Friday, February 19, 2010

Structural check on my glass house

I'm planning to upgrade my website, so I've been reading some other writers' sites pretty closely - close enough to catch some embarrassing typos.

I hope they are typos. I've seen sloppy punctuation (missing periods, double periods) "it's" where "its" was needed, and other errors a 5th grade teacher would circle with her red pen. Yes, you understood correctly - all these amateur errors appear on the sites of professional freelance writers.

I was dumbfounded, dismayed, and working on righteous indignation (doesn't ANYONE proofread their own work these days?!) when I realized... errors on their sites probably meant I should stop picking up rocks and check for cracks in my own glass house.

If you see anything off, let me know, OK? (Please knock gently before throwing stones.)

I'd also like to remind those writers (and everyone else) that I'm available to proofread your website. I just might ask that you return the favor - editing your own stuff is especially difficult!

Tuesday, February 16, 2010

3-minute inspiration

Writers, NPR is doing you a tremendous favor. All you have to do is come up with a 600-word (or shorter) story, inspired by the picture provided here. Too lazy to enter? You can tickle your muse by reading recent winners and the judges' comments on why those particular stories rose to the top.

Wednesday, February 10, 2010

Succinct is the word...

...for the Four-word Film Review site.

(Sure, you could call it a waste of time - but an excuse-prone copywriter will more likely extoll the virtues of studying the site for its inherent lesson in brevity.)

My review? Please pass the popcorn.

Monday, February 8, 2010

If you see this, will you recognize it?

I write medical articles for "average" readers. Also known as "consumer" articles - a term that covers a wide and bumpy landscape. The medical articles I write are fact-checked by an editor, first, and then reviewed by an MD.

In other words, I don't write the hype you're likely to see on a glossy magazine (THE SNACK FOOD THAT CAN KILL YOU! see page 64) or blurbs you're likely to hear from a newscaster at 6:59pm ("Are donuts good for you? tune in at eleven!" [big smile, cue music]).

So I'll be interested in following a story on the possible/probable link between sweetened carbonated beverages and pancreatic cancer.

I'm jaded. I'm pretty sure the nitty gritty facts (a controlled study of more than 60,000 adults over 14 years found those who consumed two or more cans of pop each week were more than 87% more likely to develop pancreatic cancer than those who drank less pop) will be obscured in "news reports" or - more probably, and more maddening - simply ignored.

If I think about this too long, I'll start replaying Men In Black in my head; I'm thinking about the scene where K (Tommy Lee Jones) goes to the hot sheets to get some good leads on the bug that's invaded Manhattan.  The hot sheets are the National Enquirer and the like.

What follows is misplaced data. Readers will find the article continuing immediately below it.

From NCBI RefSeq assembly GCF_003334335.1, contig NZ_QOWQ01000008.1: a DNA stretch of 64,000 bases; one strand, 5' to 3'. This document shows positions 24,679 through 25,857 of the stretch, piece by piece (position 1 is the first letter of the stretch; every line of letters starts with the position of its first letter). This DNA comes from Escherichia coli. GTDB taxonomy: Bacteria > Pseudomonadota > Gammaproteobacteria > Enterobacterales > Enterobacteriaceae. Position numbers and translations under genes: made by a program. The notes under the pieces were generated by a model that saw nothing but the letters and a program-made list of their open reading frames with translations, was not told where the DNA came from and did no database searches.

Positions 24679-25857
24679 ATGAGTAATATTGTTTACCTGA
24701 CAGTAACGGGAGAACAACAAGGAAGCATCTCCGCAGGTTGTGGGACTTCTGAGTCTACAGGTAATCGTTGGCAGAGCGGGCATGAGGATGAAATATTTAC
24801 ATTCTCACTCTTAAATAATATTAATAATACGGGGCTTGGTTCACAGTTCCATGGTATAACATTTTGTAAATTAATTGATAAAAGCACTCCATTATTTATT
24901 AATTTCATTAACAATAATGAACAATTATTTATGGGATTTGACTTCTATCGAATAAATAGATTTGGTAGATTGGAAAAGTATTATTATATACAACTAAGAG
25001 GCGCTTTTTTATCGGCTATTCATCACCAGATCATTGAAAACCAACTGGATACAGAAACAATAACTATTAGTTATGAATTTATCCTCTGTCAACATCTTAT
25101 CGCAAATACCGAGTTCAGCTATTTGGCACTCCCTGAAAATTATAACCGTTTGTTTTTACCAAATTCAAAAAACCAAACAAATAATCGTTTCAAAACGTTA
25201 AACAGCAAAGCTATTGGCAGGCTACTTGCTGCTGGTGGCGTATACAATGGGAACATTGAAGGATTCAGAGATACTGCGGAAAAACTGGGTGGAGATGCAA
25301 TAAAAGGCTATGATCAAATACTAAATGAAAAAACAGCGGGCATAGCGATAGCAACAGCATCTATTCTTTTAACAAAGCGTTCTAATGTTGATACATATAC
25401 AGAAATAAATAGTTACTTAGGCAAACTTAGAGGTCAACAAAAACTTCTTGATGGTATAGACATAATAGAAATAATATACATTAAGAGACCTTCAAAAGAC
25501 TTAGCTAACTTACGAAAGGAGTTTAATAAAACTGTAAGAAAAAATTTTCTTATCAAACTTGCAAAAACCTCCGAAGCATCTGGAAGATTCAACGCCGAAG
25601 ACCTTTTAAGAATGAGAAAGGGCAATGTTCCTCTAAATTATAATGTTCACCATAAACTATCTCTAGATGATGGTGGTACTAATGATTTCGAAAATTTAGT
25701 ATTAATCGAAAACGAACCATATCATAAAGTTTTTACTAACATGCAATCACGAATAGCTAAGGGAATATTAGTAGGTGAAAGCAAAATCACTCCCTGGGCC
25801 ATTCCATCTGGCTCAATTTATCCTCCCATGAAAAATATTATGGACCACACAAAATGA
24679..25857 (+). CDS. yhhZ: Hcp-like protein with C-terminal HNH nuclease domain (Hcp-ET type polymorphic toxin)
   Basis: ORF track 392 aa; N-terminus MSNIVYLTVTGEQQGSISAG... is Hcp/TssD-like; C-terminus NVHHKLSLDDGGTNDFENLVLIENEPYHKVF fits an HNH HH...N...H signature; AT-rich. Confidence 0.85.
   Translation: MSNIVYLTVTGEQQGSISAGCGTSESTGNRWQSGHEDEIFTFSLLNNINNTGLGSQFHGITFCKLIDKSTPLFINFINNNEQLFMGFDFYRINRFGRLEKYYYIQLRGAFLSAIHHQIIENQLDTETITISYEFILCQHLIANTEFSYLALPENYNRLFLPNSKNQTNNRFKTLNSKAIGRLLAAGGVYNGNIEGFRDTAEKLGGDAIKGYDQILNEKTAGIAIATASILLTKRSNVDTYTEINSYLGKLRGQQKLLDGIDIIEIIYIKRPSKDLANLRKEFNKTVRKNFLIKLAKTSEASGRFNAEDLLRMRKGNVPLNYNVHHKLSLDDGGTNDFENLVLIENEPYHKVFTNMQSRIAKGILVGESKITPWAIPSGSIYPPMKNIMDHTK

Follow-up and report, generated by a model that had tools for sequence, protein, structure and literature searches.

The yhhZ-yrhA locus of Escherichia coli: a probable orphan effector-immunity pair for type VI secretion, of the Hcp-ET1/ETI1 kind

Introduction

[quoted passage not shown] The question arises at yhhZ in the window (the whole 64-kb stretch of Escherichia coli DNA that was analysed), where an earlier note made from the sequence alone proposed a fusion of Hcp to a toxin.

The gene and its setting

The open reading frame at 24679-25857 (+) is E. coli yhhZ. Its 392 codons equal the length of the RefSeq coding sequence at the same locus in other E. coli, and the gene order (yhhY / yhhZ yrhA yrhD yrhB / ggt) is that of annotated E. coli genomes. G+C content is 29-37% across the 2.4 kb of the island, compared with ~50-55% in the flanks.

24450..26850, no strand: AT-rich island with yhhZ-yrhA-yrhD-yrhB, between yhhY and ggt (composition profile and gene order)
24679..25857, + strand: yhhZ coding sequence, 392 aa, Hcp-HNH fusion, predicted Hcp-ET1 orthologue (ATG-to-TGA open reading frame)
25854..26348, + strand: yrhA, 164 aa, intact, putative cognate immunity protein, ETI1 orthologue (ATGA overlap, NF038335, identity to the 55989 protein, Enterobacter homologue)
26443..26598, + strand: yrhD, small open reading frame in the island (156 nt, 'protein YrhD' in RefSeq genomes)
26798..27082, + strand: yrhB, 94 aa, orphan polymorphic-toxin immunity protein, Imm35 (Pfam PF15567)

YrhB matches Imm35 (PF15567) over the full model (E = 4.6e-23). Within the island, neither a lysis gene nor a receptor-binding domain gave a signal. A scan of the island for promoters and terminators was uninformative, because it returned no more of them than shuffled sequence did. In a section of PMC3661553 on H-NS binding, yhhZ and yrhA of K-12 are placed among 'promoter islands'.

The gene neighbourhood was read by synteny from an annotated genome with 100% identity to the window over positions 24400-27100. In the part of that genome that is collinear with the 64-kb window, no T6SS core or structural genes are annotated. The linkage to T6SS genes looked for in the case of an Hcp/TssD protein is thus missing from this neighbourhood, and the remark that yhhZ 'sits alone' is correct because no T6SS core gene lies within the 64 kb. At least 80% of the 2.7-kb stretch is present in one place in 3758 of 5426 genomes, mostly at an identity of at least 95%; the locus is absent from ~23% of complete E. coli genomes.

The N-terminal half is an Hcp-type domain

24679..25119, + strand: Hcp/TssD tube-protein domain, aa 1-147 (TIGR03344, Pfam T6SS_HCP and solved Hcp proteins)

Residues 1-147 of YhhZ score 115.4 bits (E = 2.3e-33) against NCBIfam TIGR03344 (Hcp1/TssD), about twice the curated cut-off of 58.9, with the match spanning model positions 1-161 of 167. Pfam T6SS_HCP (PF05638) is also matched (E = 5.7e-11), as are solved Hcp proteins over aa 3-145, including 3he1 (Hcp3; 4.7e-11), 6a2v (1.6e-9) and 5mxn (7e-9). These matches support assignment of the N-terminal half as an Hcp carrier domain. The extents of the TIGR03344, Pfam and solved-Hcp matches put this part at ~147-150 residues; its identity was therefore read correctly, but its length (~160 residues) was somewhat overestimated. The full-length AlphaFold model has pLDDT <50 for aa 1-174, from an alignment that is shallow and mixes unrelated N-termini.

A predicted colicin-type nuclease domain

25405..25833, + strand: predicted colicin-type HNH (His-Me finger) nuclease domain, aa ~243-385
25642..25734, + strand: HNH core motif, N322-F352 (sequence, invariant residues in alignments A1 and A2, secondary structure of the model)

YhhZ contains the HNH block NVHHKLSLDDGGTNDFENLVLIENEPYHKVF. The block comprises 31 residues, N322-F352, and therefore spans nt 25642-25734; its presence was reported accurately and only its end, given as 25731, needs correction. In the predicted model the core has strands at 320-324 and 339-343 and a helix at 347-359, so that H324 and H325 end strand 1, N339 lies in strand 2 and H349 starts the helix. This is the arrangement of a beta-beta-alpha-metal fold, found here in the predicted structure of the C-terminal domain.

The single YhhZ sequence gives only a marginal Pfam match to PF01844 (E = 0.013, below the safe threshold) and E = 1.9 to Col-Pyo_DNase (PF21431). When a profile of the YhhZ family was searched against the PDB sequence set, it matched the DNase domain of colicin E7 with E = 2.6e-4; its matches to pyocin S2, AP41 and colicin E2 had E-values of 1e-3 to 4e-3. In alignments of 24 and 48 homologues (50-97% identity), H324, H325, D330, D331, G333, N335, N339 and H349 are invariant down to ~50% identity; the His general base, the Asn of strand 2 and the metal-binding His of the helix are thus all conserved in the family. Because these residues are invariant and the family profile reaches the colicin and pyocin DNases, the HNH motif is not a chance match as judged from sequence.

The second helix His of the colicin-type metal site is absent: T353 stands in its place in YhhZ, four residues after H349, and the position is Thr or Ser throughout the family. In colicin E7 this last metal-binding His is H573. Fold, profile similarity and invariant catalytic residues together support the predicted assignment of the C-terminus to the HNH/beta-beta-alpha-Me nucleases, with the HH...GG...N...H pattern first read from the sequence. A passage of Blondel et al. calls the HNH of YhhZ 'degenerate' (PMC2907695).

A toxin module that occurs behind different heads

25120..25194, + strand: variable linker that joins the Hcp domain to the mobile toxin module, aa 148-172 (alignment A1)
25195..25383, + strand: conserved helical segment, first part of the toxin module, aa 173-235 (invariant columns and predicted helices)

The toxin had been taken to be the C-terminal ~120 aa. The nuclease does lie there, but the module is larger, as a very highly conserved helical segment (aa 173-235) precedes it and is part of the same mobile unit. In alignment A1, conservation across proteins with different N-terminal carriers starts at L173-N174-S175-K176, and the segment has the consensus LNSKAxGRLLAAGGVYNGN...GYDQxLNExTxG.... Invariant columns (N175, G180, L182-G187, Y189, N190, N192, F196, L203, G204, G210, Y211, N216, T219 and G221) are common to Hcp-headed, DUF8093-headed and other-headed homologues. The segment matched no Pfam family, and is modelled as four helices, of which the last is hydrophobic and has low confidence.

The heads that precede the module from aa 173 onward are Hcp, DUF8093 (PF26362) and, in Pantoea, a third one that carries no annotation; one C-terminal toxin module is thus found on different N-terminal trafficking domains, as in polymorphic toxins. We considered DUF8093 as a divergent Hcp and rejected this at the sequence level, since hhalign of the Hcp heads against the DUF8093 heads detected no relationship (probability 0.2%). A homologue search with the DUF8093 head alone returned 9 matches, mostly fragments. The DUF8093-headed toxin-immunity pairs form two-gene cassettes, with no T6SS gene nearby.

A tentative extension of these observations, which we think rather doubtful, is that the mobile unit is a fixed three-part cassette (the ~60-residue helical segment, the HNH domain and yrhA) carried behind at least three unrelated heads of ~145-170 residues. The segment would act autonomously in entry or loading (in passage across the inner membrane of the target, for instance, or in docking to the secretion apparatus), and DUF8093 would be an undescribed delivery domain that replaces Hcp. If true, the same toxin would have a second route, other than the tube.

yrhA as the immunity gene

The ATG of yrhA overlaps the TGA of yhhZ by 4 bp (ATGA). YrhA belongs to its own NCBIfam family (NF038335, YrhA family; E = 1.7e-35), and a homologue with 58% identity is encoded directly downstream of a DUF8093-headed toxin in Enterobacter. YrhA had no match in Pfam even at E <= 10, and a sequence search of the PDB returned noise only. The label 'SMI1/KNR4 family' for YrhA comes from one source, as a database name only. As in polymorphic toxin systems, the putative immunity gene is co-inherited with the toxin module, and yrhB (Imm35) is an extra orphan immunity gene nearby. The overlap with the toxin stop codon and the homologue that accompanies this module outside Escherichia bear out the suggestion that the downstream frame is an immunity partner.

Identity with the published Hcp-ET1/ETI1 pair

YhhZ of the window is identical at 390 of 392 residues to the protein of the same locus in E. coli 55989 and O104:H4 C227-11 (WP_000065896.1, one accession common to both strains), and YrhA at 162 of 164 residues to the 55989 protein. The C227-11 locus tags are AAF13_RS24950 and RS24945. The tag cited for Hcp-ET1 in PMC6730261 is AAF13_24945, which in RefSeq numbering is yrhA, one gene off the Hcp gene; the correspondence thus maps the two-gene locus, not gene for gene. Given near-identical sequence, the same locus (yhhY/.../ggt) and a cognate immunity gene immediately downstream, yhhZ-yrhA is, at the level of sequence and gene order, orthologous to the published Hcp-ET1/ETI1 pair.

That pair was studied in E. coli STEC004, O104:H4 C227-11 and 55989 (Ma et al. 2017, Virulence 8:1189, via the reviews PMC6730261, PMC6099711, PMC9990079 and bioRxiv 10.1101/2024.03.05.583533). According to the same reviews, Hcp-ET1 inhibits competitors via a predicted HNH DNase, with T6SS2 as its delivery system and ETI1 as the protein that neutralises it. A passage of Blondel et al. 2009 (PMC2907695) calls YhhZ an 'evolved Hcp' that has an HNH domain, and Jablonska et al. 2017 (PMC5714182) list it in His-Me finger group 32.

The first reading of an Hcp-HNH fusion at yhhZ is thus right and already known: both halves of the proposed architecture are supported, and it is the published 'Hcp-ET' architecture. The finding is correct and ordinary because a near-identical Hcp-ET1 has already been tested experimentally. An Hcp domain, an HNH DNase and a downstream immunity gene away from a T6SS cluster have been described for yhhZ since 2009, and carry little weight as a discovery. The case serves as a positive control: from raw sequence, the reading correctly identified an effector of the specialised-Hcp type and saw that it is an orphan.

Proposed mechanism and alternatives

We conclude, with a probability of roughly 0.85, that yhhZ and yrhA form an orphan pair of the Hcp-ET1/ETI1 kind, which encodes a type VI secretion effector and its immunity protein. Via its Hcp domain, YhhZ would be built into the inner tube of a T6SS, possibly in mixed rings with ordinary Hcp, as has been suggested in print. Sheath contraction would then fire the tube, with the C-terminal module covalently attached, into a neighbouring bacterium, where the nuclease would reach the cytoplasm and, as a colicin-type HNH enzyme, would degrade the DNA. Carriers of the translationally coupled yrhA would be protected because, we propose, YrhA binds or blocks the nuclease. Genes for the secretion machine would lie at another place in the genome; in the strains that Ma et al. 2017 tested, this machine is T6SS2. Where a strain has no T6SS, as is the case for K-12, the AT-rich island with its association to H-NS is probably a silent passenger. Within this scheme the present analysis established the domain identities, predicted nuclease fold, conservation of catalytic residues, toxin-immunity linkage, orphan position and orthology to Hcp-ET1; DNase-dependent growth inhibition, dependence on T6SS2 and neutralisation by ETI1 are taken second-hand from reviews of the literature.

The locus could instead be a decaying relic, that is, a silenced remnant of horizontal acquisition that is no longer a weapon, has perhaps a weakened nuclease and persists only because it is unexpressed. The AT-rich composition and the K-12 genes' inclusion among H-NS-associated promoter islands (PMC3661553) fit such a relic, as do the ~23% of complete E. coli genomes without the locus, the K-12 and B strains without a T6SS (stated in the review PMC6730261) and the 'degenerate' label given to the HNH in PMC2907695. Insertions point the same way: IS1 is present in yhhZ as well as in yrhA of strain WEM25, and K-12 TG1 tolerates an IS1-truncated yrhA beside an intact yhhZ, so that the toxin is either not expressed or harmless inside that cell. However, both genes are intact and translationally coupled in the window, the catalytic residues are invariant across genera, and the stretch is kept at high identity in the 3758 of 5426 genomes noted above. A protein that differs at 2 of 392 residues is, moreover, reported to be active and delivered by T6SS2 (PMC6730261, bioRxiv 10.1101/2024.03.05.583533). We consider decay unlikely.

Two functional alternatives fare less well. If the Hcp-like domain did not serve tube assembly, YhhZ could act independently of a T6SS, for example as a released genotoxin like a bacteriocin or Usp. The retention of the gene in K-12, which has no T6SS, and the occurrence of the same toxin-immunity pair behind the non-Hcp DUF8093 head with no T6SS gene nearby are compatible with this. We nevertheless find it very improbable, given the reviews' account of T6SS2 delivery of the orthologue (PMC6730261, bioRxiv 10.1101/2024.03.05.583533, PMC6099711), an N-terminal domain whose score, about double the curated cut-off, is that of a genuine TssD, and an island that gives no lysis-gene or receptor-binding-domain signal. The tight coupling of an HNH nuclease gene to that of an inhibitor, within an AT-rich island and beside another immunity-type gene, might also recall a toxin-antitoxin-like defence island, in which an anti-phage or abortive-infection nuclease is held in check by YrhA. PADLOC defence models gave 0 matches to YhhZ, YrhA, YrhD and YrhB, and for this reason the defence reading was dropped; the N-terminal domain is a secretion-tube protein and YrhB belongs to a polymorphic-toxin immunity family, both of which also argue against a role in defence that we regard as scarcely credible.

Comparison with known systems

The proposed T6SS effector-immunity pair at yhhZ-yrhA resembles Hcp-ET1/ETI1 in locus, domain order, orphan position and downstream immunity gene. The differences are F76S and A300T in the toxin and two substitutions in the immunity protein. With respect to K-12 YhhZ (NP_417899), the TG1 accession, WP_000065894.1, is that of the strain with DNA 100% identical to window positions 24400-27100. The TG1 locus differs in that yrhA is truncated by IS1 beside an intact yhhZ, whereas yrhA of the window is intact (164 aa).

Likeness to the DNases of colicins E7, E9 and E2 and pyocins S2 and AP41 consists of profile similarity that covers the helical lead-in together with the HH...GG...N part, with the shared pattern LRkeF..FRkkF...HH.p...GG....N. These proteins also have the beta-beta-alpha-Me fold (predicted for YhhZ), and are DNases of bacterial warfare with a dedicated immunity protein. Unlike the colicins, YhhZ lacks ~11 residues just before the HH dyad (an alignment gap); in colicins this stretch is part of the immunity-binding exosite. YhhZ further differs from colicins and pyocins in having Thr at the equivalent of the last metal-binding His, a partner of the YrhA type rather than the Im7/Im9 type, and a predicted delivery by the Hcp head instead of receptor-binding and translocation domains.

The irony is that while most of the "mainstream" media ignores studies like the one described above, a lot of dubious/alternative sites report on such studies to further their own agendas. (Acai berries, anyone?)

Readers beware. And journalists - is there a story in the Singapore pop study? Or is there a story in why it isn't a story? I think so.

Friday, February 5, 2010

Twitter as a 5/8" socket wrench

Strategic Services Director Bryce Marshall of Akron-based Knotice delivers a clear description of just what Twitter isn't in the January iMedia Connection article, Where Twitter drops the marketing ball.

If you have been living comfortably with the notion that Twitter is your marketing slave, expect a little discomfort.  Its an article worth reading in its entirety, but in the spirit of things, here's a summary in 140 characters, or less:

      Twitter is a useful marketing tool, but you can't build a whole campaign with it. Be sure you have some
        other implements in your toolbox.

Thursday, February 4, 2010

More worries about the news hole

This, from NPR war correspondent Anne Garrels, says a mouthful.

Top Ten Signs You Need a Copywriter

10. Your website still has a "coming soon" message on the home page.  (Or on any page - "coming soon" tells the visitor "goodbye")

 9.  Your employees don't know what's going on...and it's costing you money. (A short, simple employee newsletter can increase productivity, reduce accident rates, and improve morale and retention rates.)

 8.  You found a your contract. (Better you than your client's lawyer!

 7.  You rely on the cable/radio/newspaper salesperson to write your ad copy, or...

 6. do it yourself.

 5.  You lernt all the English you needed in high school.

 4.  Your products are very unique - and you see nothing wrong with saying so. (Don't get it? see #5 again.)

 3.  You're shipping a panda overseas, or doing something else noteworthy.

 2.  You're shipping a panda overseas, but you don't have time to write a press release about it.

.....And the number-one reason that you need a copywriter....

 1.  You're reading this.   --------------------------------------------------(written by a copywriter)

Contact this copywriter to discuss your needs.

Tuesday, February 2, 2010

I worry about the news hole

You know the old adage about 'sunlight being the best disinfectant?' It's meaningless without news coverage.
-- Connecticut Attorney General Richard Blumenthal, in SPJ's The Quill.

Monday, February 1, 2010

Journalists can't protect society...

...if they can't protect their own careers. -- from a post at Reflections of Newsosaur, one of the most on-target and depressing things I've read about the news biz recently.